27 December 2022

Freezing of the Inheritance Tax nil rate band and residence nil rate band – what you need to know

In Jeremy Hunt’s Autumn Statement it was announced that the Inheritance Tax nil rate band (NRB) and residence nil rate band (RNRB) will be frozen at their current levels for tax years 2026/27 and 2027/28. 

The NRB will remain at £325,000 and the RNRB at £175,000 until at least April 2028. For people concerned about Inheritance Tax, it is worth considering the implications of this. 

What are the NRB and RNRB?

In basic terms, the Inheritance Tax nil rate band (NRB) is an amount of your estate which can be passed on to your beneficiaries free from inheritance tax after death while the residence nil rate band (RNRB) protects family homes from inheritance tax if they are passed down to direct descendants on death.

Each individual has an NRB and potentially a RNRB. Generally speaking, if the value of a person’s estate on their death is within their available NRB and RNRB then Inheritance Tax will not be an issue. 

If their estate is over this amount then Inheritance Tax will be charged at a rate of 40% on the excess. We use the word “generally" here as the NRB available to a person’s estate may be affected by gifts made during their lifetime as well as trusts they have benefited from. 

In addition, not everyone can benefit from the RNRB. The RNRB, introduced in 2017, is only available where a person’s estate includes a property which they have occupied as their home at some point during their lifetime and which passes to “qualifying beneficiaries” - essentially direct descendants such as children and grandchildren, including step-children and adopted children. Significantly this does not include more distant relations such as nephews, nieces and cousins, nor does it include friends. The RNRB is capped against the value of the property and is also reduced if a person’s estate exceeds £2 million.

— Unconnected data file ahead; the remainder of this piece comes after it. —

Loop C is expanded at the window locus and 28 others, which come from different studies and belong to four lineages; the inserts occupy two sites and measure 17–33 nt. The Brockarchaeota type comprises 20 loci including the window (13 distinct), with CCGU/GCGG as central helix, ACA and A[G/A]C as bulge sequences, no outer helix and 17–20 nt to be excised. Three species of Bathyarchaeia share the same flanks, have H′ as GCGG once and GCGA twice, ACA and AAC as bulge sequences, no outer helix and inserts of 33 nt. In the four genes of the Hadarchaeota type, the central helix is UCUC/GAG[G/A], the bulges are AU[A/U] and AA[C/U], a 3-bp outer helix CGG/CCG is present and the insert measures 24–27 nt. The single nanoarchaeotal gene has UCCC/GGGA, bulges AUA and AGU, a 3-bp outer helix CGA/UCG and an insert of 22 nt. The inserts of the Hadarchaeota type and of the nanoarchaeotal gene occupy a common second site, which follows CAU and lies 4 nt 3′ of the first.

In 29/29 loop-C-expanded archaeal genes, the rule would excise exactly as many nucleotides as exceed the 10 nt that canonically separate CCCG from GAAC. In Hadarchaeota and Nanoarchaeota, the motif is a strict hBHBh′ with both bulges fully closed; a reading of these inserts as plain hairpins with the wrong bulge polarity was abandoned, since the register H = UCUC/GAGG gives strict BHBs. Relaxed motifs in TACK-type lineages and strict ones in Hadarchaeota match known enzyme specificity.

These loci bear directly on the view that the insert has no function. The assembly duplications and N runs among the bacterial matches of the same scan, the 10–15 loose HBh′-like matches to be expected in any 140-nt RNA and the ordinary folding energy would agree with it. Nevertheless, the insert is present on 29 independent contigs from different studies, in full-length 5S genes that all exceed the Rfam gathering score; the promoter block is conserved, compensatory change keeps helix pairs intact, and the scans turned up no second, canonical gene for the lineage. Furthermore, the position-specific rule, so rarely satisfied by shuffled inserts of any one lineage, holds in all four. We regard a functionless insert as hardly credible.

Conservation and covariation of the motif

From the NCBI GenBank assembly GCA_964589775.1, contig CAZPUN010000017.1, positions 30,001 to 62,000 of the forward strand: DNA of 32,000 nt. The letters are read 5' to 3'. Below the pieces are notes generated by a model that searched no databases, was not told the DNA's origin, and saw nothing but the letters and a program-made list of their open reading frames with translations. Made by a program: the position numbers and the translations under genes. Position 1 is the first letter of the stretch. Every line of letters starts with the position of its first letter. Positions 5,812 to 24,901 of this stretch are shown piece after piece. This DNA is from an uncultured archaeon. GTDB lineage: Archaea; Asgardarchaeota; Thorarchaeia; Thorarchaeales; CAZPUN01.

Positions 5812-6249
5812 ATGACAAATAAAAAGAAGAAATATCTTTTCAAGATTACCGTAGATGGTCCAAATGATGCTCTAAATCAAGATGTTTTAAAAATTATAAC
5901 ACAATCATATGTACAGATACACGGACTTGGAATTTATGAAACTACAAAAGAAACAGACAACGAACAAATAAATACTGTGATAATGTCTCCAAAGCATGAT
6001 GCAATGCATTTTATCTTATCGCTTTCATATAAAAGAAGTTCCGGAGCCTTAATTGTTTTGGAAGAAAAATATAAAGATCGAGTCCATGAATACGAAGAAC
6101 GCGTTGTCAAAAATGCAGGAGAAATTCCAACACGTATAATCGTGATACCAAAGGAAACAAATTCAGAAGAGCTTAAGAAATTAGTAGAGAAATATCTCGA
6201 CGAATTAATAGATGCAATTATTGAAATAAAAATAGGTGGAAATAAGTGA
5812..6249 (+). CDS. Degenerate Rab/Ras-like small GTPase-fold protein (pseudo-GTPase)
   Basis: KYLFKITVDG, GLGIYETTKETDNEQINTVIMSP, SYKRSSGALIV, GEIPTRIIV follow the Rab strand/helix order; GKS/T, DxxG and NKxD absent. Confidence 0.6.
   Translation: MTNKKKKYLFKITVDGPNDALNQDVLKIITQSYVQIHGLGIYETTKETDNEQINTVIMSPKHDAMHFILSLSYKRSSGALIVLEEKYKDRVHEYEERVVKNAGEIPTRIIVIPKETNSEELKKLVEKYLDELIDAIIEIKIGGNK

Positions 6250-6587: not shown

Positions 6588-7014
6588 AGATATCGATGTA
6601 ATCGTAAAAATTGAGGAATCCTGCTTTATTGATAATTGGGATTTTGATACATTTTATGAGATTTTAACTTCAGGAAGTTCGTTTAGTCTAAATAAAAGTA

Due to inflation and rising property prices, the chances of an individual being over their available Inheritance Tax allowances are perhaps greater now than they were in the past. However, the freeze of the NRB and RNRB does at least provide certainty for the next five to six years and so now may be an opportune time to ensure that your affairs are in order and to plan for the future. 

Planning for the future 

It is vital that each individual has a Will in place. Without a Will, upon your death your estate would pass in accordance with the intestacy rules. These rules have not been updated since 2014 and do not provide for non-blood relatives nor unmarried partners – so without a Will your estate may pass to people whom you would not wish to benefit and miss key loved ones out. If you do have a Will in place, we recommend you review this at least every five years, or earlier if you have a significant life event such as getting married, having children, moving home or even inheriting from another person.  

Making or reviewing a Will with Wilkin Chapman is a straightforward process. We start by having an initial meeting to discuss your assets and personal circumstances, from which we can advise on the most appropriate type of Will for you and whether Inheritance Tax is likely to be an issue. If it is, we can give you an indication of the likely tax liability as of today and advise you on steps that you may wish to take to try to minimise this. 

It is important that any tax planning undertaken does not place you in a vulnerable position and is not made at the expense of your own living – we can advise on what is suitable for you. We also recommend that all individuals have Lasting Powers of Attorney in place and we can guide you through this process. 

Rebecca Treece, Wilkin Chapman LLP
Need help?

Contact Rebecca to discuss this further.

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